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Items: 10

1.

Leukodystrophy

Leukodystrophy refers to deterioration of white matter of the brain resulting from degeneration of myelin sheaths in the CNS. Their basic defect is directly related to the synthesis and maintenance of myelin membranes. [from HPO]

MedGen UID:
505231
Concept ID:
CN002194
Finding
2.

Metachromatic leukodystrophy

Arylsulfatase A deficiency (also known as metachromatic leukodystrophy or MLD) is characterized by three clinical subtypes: late-infantile MLD (50%-60% of cases); juvenile MLD (20%-30% of cases); and adult MLD (15%-20% of cases). Age of onset within a family is usually similar. The disease course may be from three to ten or more years in the late-infantile form and up to 20 years or more in the juvenile and adult forms. Late-infantile MLD. Onset is between ages one and two years. Typical presenting findings include weakness, hypotonia, clumsiness, frequent falls, toe walking, and slurred speech. Later signs include inability to stand, difficulty with speech, deterioration of mental function, increased muscle tone, pain in the arms and legs, generalized or partial seizures, compromised vision and hearing, and peripheral neuropathy. In the final stages children have tonic spasms, decerebrate posturing, and general unawareness of their surroundings. Juvenile MLD. Onset is between age four years and sexual maturity (age 12-14 years). Initial manifestations include decline in school performance and emergence of behavioral problems, followed by clumsiness, gait problems, slurred speech, incontinence, and bizarre behaviors. Seizures may occur. Progression is similar to but slower than the late-infantile form. Adult MLD. Onset occurs after sexual maturity, sometimes not until the fourth or fifth decade. Initial signs can include problems in school or job performance, personality changes, alcohol or drug abuse, poor money management, and emotional lability; in others, neurologic symptoms (weakness and loss of coordination progressing to spasticity and incontinence) or seizures predominate initially. Peripheral neuropathy is common. Disease course is variable, with periods of stability interspersed with periods of decline, and may extend over two to three decades. The final stage is similar to that for the earlier-onset forms. [from GeneReviews]

MedGen UID:
6071
Concept ID:
C0023522
Disease or Syndrome
3.

Leukodystrophy

The leukodystrophies are rare diseases that affect the cells of the brain. Specifically, the diseases affect the myelin sheath, the material that surrounds and protects nerve cells. Damage to this sheath slows down or blocks messages between the brain and the rest of the body. This leads to problems with. - Movement. - Speaking. - Vision. - Hearing . - Mental and physical development . Most of the leukodystrophies are genetic. They usually appear during infancy or childhood. They can be hard to detect early because children seem healthy at first. However, symptoms gradually get worse over time. . There are no cures for any of the leukodystrophies. Medicines, speech therapy and physical therapy might help with symptoms. Researchers are testing bone marrow transplantation as a treatment for some of the leukodystrophies. . NIH: National Institute of Neurological Disorders and Stroke .  [from MedlinePlus]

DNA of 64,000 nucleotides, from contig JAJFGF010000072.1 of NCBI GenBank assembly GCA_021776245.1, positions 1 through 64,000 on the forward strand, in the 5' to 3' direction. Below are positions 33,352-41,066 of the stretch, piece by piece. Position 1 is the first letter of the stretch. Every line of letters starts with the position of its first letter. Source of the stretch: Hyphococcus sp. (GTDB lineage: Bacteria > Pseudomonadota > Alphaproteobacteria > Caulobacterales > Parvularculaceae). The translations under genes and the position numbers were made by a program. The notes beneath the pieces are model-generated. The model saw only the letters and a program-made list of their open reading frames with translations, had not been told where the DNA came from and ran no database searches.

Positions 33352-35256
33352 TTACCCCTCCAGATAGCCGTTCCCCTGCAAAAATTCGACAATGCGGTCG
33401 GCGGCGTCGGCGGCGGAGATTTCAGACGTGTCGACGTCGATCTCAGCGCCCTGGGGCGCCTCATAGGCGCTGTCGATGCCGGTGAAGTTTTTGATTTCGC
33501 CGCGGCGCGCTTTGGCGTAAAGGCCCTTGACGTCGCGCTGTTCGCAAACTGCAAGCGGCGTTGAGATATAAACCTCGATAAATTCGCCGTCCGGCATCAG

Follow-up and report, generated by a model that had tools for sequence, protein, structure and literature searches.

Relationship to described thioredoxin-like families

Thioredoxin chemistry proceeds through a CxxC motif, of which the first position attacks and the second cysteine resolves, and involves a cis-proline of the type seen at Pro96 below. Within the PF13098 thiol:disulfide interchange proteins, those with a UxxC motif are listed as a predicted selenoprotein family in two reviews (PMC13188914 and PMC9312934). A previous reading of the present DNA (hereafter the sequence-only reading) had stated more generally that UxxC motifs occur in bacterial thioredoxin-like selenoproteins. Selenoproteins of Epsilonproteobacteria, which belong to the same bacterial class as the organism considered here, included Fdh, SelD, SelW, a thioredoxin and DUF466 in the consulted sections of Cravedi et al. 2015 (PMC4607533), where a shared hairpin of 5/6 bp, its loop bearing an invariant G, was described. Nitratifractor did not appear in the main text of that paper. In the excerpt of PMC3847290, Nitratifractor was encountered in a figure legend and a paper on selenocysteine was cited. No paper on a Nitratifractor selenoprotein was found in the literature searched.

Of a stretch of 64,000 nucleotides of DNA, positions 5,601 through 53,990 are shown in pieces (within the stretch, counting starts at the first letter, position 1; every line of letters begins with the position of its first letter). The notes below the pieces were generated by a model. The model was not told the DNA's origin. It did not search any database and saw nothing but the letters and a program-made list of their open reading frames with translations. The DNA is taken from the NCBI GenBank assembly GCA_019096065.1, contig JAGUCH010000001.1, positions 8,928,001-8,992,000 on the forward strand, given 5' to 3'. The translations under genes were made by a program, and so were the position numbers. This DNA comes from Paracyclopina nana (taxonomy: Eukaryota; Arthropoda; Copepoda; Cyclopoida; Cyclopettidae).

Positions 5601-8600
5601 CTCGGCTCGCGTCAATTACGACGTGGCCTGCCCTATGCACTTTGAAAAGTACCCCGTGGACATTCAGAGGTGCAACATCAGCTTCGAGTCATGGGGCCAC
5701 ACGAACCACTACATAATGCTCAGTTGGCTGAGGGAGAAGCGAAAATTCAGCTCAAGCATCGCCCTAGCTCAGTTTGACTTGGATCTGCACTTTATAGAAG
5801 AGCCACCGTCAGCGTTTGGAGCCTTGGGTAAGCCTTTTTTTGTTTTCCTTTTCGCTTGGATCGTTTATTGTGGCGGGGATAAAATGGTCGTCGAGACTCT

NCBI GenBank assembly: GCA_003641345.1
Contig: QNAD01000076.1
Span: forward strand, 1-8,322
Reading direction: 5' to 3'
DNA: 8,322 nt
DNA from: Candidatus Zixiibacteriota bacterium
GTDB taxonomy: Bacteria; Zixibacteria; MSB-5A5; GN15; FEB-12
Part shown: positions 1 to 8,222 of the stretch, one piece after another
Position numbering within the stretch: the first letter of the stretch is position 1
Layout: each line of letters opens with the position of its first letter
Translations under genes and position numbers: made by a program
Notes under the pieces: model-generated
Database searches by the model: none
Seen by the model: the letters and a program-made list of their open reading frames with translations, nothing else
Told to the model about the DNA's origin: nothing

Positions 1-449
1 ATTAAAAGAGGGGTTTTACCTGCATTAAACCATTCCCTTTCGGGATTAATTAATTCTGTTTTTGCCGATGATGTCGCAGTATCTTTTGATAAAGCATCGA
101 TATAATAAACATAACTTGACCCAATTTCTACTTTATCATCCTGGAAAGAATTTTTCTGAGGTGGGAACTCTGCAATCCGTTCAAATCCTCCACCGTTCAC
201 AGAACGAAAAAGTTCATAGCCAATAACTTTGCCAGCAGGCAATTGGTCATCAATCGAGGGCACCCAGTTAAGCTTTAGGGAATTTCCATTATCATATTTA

MedGen UID:
6070
Concept ID:
C0023520
Disease or Syndrome
4.

Metachromatic leukodystrophy, adult type

MedGen UID:
199625
Concept ID:
C0751279
Disease or Syndrome
5.

Inborn genetic diseases

Diseases that are caused by genetic mutations present during embryo or fetal development, although they may be observed later in life. The mutations may be inherited from a parent's genome or they may be acquired in utero. [from MeSH]

MedGen UID:
181981
Concept ID:
C0950123
Disease or Syndrome
6.

Metachromatic leukodystrophy, juvenile type

MedGen UID:
155528
Concept ID:
C0751276
Disease or Syndrome
7.

Leukoencephalopathy

Any of various diseases affecting the white matter of the central nervous system. [from MeSH]

MedGen UID:
78722
Concept ID:
C0270612
Disease or Syndrome
8.

Metabolic disease

Metabolism is the process your body uses to get or make energy from the food you eat. Food is made up of proteins, carbohydrates, and fats. Chemicals in your digestive system break the food parts down into sugars and acids, your body's fuel. Your body can use this fuel right away, or it can store the energy in your body tissues, such as your liver, muscles, and body fat. A metabolic disorder occurs when abnormal chemical reactions in your body disrupt this process. When this happens, you might have too much of some substances or too little of other ones that you need to stay healthy. . You can develop a metabolic disorder when some organs, such as your liver or pancreas, become diseased or do not function normally. Diabetes is an example. .  [from MedlinePlus]

MedGen UID:
44376
Concept ID:
C0025517
Disease or Syndrome
9.

Unspecified encephalopathy

Encephalopathy is a term that means brain disease, damage, or malfunction. In general, encephalopathy is manifested by an altered mental state. [from HPO]

MedGen UID:
39314
Concept ID:
C0085584
Disease or Syndrome
10.

Metachromatic leukodystrophy, late infantile

MedGen UID:
155529
Concept ID:
C0751278
Disease or Syndrome
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